18 chapter 4 abelian groups this chapter reviews the

Info icon This preview shows pages 23–26. Sign up to view the full content.

View Full Document Right Arrow Icon
18
Image of page 23

Info icon This preview has intentionally blurred sections. Sign up to view the full version.

View Full Document Right Arrow Icon
Chapter 4 Abelian Groups This chapter reviews the notion of an abelian group. 4.1 Definitions, Basic Properties, and Some Examples Definition 4.1 An abelian group is a set G together with a binary operation ? on G such that 1. for all a, b G , a ? b = b ? a (commutivity property), 2. for all a, b, c G , a ? ( b ? c ) = ( a ? b ) ? c (associativity property), 3. there exists e G (called the identity element ) such that for all a G , a ? e = a (identity property), 4. for all a G there exists a 0 G such that a ? a 0 = e (inverse property). Before looking at examples, let us state some very basic properties of abelian groups that follow directly from the definition. Theorem 4.2 Let G be an abelian group with operator ? . Then we have 1. the identity element is unique, i.e., there is only one element e G such that a ? e = a for all a G ; 2. inverses are unique, i.e., for all a G , there is only one element a 0 G such that a ? a 0 is the identity. Proof. Suppose e, e 0 are identities. Then since e is an identity, by the identity property in the definition, we have e 0 ? e = e 0 . Similarly, since e 0 is an identity, we have e ? e 0 = e . By the commutivity property, we have e ? e 0 = e 0 ? e . Thus, e 0 = e 0 ? e = e, and so we see that there is only one identity. Now let a G , and suppose that a ? a 0 = e and a ? a 00 = e . Now, a ? a 0 = e implies a 00 ? ( a ? a 0 ) = a 00 ? e . Using the associativity and commutivity properties, the left-hand side can be written a 0 ? ( a ? a 00 ), and by the identity property, the right-hand side can be written a 00 . Thus, we have 19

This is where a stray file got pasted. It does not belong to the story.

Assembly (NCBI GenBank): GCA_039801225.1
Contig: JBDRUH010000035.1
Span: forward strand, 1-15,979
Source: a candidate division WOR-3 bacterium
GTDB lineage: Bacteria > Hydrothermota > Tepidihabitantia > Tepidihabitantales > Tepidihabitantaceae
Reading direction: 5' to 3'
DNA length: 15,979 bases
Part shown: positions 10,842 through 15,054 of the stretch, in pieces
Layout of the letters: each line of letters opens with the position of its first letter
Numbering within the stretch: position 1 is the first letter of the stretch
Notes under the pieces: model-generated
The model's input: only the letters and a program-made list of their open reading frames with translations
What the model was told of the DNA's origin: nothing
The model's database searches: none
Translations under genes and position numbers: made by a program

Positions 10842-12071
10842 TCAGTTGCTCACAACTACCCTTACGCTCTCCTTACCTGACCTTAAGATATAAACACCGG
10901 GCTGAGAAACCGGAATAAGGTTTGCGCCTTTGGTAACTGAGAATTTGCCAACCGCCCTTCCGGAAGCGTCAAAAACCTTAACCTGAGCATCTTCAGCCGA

Image of page 24
a 0 ? ( a ? a 00 ) = a 00 . This, together with the equation a ? a 00 = e implies that a 0 ? e = a 00 , and again applying the identity property, we have a 0 = a 00 . That proves a has only one inverse. 2 The above proof was very straightforward, yet quite tedious if one fills in all the details. In the sequel, we shall leave proofs of this type as exercises for the reader. There are many examples of abelian groups. Example 4.1 The set of integers Z under addition forms an abelian group, with 0 being the identity, and - a being the inverse of a Z . 2 Example 4.2 For integer n , the set n Z = { nz : z Z } under addition forms as abelian group, again, with 0 being the identity, and n ( - z ) being the inverse of nz . 2 Example 4.3 The set of non-negative integers under addition does not form an abelian group, since inverses do not exist for integers other than 0. 2 Example 4.4 The set of integers under multiplication does not form an abelian group, since inverses do not exist for integers other than ± 1. 2 Example 4.5 The set of integers 1 } under multiplication forms an abelian group, with 1 being the identity, and - 1 is its own inverse. 2 Example 4.6 The set of rational numbers Q = { a/b : a, b Z , b 6 = 0 } under addition forms an abelian group, with 0 being the identity, and ( - a ) /b being the inverse of a/b . 2 Example 4.7 The set of non-zero rational numbers Q * under multiplication forms a group, with 1 being the identity, and b/a being the inverse of a/b . 2 Example 4.8 The set Z n under addition forms an abelian group, where [0 mod n ] is the identity, and where [ - a mod n ] is the inverse of [ a mod n ]. 2 Example 4.9 The set Z * n of residue classes [ a mod n ] with gcd( a, n
Image of page 25

Info icon This preview has intentionally blurred sections. Sign up to view the full version.

View Full Document Right Arrow Icon
Image of page 26
This is the end of the preview. Sign up to access the rest of the document.

{[ snackBarMessage ]}

What students are saying

  • Left Quote Icon

    As a current student on this bumpy collegiate pathway, I stumbled upon Course Hero, where I can find study resources for nearly all my courses, get online help from tutors 24/7, and even share my old projects, papers, and lecture notes with other students.

    Student Picture

    Kiran Temple University Fox School of Business ‘17, Course Hero Intern

  • Left Quote Icon

    I cannot even describe how much Course Hero helped me this summer. It’s truly become something I can always rely on and help me. In the end, I was not only able to survive summer classes, but I was able to thrive thanks to Course Hero.

    Student Picture

    Dana University of Pennsylvania ‘17, Course Hero Intern

  • Left Quote Icon

    The ability to access any university’s resources through Course Hero proved invaluable in my case. I was behind on Tulane coursework and actually used UCLA’s materials to help me move forward and get everything together on time.

    Student Picture

    Jill Tulane University ‘16, Course Hero Intern